When President Obama revealed his earnings and tax liability this week, and at the same time touted his “Tax the wealthy” mantra at a town hall forum, one wondered why he doesn’t just put his money where his mouth is.
The President reported annual income of $1.7 million and a tax bill of $450,000, yet he didn’t offer to shoulder more of the burden. “Nobody volunteers and says, ‘Boy, I’m just wild to pay more taxes,’ ” he conveyed. “But it’s a matter of values and what we prioritize. And I certainly don’t think my taxes should be even lower.”
How about valuing the freedom to make one’s own living? To spend what one earns on a family’s priorities? To allow those who trust private-sector charities over government programs to choose those institutions to solve problems instead?
Already, the top 5% of earners pay 59% of the income taxes in this country.
Contrary to the common perception that the wealthy in this country are only getting wealthier, and therefore can afford to foot more of this country’s tax burden, Kevin Williamson reports on National Review Online that this is simply not true. He says that from 1996 to 2005, “The median real income of super-rich households went down, not up. The rich got poorer. Among actual households, income grew proportionally more for those who started off in the low-income groups than those who began in high-income groups.”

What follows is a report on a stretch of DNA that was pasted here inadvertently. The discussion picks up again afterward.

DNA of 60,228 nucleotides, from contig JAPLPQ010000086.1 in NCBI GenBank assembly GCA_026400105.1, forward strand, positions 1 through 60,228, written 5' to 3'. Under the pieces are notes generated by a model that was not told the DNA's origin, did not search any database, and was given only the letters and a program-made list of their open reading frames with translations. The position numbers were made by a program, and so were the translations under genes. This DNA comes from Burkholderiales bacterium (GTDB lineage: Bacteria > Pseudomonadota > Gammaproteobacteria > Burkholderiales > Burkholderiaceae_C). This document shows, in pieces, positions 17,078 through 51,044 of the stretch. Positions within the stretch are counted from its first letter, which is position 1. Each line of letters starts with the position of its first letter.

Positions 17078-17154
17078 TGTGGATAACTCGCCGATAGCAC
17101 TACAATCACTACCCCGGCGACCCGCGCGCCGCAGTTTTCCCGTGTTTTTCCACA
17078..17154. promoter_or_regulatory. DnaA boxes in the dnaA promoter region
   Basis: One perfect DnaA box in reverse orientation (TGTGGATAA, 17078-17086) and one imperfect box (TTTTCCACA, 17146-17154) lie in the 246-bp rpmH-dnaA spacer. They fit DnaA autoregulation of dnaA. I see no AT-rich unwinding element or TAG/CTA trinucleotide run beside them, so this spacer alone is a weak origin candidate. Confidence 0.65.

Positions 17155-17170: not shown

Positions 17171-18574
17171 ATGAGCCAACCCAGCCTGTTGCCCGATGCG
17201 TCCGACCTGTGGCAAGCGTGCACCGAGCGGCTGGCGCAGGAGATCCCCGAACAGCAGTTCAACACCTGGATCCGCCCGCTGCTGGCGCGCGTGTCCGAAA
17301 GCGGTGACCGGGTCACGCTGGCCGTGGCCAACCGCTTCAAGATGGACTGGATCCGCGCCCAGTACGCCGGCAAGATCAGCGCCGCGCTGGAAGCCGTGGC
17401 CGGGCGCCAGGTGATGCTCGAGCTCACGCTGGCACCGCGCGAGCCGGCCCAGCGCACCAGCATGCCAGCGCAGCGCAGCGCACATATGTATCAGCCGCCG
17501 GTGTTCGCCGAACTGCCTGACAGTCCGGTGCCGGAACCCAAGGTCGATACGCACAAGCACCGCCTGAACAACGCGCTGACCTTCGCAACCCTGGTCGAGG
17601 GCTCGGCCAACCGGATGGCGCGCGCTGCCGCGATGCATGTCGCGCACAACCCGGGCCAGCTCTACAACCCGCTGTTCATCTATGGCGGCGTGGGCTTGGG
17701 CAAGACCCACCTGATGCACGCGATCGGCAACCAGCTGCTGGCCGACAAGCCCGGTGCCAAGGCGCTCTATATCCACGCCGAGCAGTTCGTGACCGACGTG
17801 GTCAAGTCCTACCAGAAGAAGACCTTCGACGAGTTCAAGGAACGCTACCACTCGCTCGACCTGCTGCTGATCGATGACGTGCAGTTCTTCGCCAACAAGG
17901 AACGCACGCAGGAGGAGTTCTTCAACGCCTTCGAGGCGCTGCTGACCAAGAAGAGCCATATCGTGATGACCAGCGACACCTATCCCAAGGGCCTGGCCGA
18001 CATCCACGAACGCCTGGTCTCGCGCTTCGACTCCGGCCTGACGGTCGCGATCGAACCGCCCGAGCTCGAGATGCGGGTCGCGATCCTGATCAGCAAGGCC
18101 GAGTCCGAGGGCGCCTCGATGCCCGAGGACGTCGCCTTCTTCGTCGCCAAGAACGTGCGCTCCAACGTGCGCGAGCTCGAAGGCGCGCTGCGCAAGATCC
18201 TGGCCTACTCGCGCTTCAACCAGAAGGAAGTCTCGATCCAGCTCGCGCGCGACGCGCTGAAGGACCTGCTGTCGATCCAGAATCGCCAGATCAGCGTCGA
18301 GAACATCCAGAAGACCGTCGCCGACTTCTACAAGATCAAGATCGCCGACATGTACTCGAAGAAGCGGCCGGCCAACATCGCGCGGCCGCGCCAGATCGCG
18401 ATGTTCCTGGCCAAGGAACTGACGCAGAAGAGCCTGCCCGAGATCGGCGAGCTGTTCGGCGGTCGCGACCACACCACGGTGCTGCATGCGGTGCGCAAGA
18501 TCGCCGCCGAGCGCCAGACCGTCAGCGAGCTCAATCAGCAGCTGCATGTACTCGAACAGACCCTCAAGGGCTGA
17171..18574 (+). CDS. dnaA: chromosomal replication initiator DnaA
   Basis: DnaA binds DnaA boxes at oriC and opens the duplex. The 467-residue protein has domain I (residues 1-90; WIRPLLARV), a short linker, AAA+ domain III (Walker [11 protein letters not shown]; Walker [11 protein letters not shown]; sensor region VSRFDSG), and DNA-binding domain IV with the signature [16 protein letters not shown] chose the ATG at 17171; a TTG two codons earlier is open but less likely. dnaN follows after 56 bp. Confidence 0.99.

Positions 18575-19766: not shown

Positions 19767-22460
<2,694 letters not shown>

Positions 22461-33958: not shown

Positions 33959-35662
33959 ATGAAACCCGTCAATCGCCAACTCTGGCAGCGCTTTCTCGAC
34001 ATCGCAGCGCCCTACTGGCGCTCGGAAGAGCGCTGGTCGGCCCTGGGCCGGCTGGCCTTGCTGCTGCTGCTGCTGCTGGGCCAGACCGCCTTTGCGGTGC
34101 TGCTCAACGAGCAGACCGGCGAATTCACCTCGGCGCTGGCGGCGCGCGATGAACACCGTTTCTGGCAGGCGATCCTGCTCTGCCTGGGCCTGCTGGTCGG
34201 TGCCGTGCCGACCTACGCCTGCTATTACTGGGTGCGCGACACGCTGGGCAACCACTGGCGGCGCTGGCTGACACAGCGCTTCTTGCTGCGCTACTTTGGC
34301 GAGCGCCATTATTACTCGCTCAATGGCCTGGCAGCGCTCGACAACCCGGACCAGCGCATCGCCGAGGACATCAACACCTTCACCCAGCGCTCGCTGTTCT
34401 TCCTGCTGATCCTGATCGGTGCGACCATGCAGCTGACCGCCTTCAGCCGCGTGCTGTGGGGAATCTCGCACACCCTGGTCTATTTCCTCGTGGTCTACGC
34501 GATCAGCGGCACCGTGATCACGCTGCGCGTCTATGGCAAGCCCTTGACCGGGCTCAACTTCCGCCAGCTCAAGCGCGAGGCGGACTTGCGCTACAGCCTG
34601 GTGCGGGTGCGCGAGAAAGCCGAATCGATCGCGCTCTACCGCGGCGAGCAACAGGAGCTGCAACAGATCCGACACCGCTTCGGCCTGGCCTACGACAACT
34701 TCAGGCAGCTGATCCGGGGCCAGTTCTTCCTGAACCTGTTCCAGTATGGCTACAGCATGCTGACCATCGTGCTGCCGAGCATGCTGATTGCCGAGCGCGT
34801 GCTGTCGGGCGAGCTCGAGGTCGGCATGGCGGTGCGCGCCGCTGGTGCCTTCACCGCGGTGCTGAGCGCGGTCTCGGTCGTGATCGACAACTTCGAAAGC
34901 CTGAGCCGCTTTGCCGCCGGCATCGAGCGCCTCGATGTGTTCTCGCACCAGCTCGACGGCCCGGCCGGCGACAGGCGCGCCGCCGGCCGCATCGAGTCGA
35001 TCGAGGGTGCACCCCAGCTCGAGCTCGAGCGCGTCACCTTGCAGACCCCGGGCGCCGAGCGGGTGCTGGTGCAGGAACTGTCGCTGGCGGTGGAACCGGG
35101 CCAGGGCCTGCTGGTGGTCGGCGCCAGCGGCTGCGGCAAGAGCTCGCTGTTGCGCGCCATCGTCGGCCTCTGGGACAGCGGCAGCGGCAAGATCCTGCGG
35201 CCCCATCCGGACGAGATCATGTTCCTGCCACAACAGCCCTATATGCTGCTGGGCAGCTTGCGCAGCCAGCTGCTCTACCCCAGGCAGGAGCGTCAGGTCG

In Massachusetts, taxpayers have the option of selecting to pay a higher tax rate, 5.85%, rather than 5.3%, on certain types of income. You can imagine how many liberals took advantage of that “option” in Massachusetts. (Lest you are wondering about Sen. John Kerry, he did not.)
If shouldering more of the country’s revenue burden should be the responsibility of the wealthy, as the President argues, a check payable to the United States Treasury—think of it as a charitable contribution—would certainly be an example to all of his colleagues.
Then again, maybe even that wouldn’t work. In 2010, Obama’s counterpart, Vice President Biden, earned more than $375,000, a sum putting him in the highest tax bracket. Yet he and his wife contributed a paltry $5,350 to charity, a mere 1% of his income. It was not a rare year for the Bidens. In fact, it was representative of their giving history over the years. In 2009, they gave a similar 1% of their income. In 2008, they gave just seven-tenths of a percent ($1,885 of their $269,256 gross income).
While those on the Left purport to be charitable, and they equate advocating increased taxes with being patriotic, their reluctance to shoulder more of the burden themselves illustrates how insincere their claims really are.
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